With an introduction by Jonathan Lear
A classic collection of case studies, used in courses for over forty years.
“I have written these tales from psychoanalysis to share with my readers some of the experiences I have had in pursuing what must surely be one of the strangest of all occupations. From a literally inexhaustible storehouse of material that increases each day, I have chosen a handful of stories that seem to me to illustrate something of the adventure of this fabulous profession, something of its romance, and much of its practical detail. The common element in all of these tales is the self of the analyst. Each story deals finally with deployment of that self in the therapeutic enterprise, the adventures that befell it, and the effects exerted upon it by the actors and situations described.” —Robert Lindner
“Lindner’s work is a fascinating mixture of traditional psychoanalytic thinking with clinical strategies that even today would be considered creative and controversial. In a world of rather dry textbooks, The Fifty-Minute Hour has never failed to capture the imagination of my students, as well as educate them about the art and science of psychotherapy. In the hands of a skilled storyteller, these case studies explore a wide range of fundamental ailments that plague humankind. They reveal the psychology of the dedicated clinician who struggles to meet the challenge of finding a ‘cure.’ No student’s education in psychotherapy is complete without reading this book. Decades after its original publication, it still stands as a pioneering landmark in the history of psychotherapy.” —John Suler, Ph.D., Ryder University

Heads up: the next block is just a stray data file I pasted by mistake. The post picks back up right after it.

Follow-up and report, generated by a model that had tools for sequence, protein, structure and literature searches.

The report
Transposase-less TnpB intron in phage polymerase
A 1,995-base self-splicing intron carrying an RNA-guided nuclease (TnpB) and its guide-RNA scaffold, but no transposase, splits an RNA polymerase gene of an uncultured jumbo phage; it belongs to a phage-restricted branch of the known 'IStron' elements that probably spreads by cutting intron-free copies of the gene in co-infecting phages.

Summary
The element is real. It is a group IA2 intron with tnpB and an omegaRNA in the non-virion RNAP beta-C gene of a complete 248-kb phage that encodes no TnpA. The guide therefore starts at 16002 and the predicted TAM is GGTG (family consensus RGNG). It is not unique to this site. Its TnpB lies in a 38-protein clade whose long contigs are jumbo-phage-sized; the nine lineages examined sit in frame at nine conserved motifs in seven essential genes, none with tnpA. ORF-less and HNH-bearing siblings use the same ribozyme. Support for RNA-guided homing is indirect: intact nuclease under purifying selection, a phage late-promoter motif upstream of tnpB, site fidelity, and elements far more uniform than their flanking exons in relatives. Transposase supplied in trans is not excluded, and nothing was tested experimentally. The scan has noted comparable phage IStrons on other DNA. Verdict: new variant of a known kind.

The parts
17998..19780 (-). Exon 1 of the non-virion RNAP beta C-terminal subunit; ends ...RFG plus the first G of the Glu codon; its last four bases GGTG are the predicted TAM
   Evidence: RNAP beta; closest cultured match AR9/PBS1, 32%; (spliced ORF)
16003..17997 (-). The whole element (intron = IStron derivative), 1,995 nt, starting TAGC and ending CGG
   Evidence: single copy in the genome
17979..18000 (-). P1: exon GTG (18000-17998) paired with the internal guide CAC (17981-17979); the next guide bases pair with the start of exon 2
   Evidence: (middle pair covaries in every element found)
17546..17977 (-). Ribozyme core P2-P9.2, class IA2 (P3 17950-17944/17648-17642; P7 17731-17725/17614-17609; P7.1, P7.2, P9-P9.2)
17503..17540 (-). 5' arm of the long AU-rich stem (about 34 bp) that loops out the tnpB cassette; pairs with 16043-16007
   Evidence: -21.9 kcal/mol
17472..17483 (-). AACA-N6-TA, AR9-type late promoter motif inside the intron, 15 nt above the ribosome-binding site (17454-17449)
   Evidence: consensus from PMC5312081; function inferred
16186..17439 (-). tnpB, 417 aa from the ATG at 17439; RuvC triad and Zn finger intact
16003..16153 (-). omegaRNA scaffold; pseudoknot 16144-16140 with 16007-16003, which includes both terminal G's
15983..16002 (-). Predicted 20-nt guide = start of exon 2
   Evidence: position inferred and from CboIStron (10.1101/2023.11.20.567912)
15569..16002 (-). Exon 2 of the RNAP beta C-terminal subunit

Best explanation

“This book is written in the heroic age of American psychoanalysis. The author . . . blazes his way through neurosis and psychosis the way John Wayne blazed his way through Indian territory; he tracks his way through the hidden nooks of the inner world the way that Philip Marlowe tracked his way through low-life Los Angeles. The comparison is apt, because Dr. Lindner is a self-styled American individualist: he trusts his intuitions, he is willing to bend the rules to follow a hunch, he will flout convention in response to an outcry of human suffering. . . . This book is a good read, in the way that a detective novel is a good read, but at the same time it raises deep questions about the nature of existence.” —Jonathan Lear, author of Therapeutic Action